Over There and Back Here: Community History through the Diversity of the Veteran Experience in Florida

AHA Session 231
Saturday, January 6, 2018: 1:30 PM-3:00 PM
Maryland Suite B (Marriott Wardman Park, Lobby Level)
Bryce Carpenter, US Department of Veterans Affairs, National Cemetery Administration
World War I through Florida Veterans
Amelia H. Lyons, University of Central Florida
Veterans and Florida Society: During War and Afterwards
Barbara A. Gannon, University of Central Florida
The Audience

Session Abstract

4,000,000 veterans are interred in 135 national cemeteries, each with an individual history that contributes to community histories. Under the Veterans Legacy Program, a program funded by the U.S. Department of Veterans Affairs' National Cemetery Administration, faculty from the University of Central Florida engaged students in a project to research community history through the diversity of veterans interred at Florida National Cemetery.

The broader objective was to instill in students a sense of the impact on historial events that service members from their own state or hometown have contributed to directly, through a variety of methodologies and theoretical frameworks, i.e. that their own research can change how they see their own community's place in history. Hundreds of veterans' biographies were researched in order to create a broad mosaic of local personalities who left Florida to serve in uniform and then return to their communities in new roles. The experiences of veterans after their period of service changed with each generation and had an impact at the community level. While broader social trends of the last 100 years are not unknown, students in this project learned and applied various historical research methods in order to see how individuals of each period experienced those events.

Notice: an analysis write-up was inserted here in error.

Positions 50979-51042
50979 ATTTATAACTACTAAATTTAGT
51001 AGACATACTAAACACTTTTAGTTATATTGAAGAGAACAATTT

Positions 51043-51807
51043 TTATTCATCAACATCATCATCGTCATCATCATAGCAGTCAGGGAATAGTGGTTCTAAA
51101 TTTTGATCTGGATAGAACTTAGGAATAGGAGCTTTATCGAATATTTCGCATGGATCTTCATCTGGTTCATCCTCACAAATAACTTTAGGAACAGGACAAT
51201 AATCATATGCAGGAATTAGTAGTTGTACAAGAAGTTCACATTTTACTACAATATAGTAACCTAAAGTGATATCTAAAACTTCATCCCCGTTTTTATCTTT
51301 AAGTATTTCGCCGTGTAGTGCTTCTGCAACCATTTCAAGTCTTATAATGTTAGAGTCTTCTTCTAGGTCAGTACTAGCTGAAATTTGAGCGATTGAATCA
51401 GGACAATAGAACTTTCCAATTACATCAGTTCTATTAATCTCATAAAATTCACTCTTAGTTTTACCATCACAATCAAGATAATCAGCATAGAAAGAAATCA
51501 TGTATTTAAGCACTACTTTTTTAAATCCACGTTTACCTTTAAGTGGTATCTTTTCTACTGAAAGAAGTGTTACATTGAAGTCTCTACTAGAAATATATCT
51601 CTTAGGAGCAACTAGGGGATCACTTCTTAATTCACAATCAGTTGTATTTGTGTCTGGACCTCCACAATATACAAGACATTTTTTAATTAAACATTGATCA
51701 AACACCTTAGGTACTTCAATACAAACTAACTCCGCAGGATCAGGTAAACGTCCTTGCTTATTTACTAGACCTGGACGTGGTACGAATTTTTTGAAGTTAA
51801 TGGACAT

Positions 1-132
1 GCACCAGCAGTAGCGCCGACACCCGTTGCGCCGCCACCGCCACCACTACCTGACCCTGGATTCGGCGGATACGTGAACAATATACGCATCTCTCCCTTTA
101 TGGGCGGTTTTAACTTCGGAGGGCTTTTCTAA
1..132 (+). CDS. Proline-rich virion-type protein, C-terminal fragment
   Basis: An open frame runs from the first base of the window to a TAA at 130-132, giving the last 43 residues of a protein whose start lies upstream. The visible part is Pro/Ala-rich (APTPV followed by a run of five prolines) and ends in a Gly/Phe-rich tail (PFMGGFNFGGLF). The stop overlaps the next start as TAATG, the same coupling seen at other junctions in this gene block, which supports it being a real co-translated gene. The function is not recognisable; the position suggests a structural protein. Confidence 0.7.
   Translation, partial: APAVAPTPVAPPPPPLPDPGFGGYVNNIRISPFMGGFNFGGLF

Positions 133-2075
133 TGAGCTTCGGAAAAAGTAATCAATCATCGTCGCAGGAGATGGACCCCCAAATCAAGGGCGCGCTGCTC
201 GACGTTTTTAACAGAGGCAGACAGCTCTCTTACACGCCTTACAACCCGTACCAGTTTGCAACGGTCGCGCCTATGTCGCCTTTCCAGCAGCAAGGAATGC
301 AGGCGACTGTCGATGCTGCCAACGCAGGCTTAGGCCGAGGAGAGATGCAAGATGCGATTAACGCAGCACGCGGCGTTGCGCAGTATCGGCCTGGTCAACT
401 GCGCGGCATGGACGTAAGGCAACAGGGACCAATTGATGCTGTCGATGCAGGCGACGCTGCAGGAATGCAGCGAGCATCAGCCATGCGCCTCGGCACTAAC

There were several dimensions to this project. Some students focused on World War I veterans in commemoration of the centennial of the US's entry into that war. Some focused on issues of identity and how veteran status affected that. Some focused on this as an exercise in public history, seeking to make this research meaningful to broader consituencies. Some focused on developing this material into school-level lesson plans in partnership with area K-12 schools. Some focused on digital production and presentation of the collected materials.

The combined efforts of students in classes on World War I, digital humanities, historical methods, public history, and history teaching methods had immediate impact on the community, closing the gap between the undergraduate history classroom and community.

This session will share this model of faculty collaboration and student-focused research as a process that can be replicated where greater concert is sought among ncampus, K-12, local government, national agencies, and community members.

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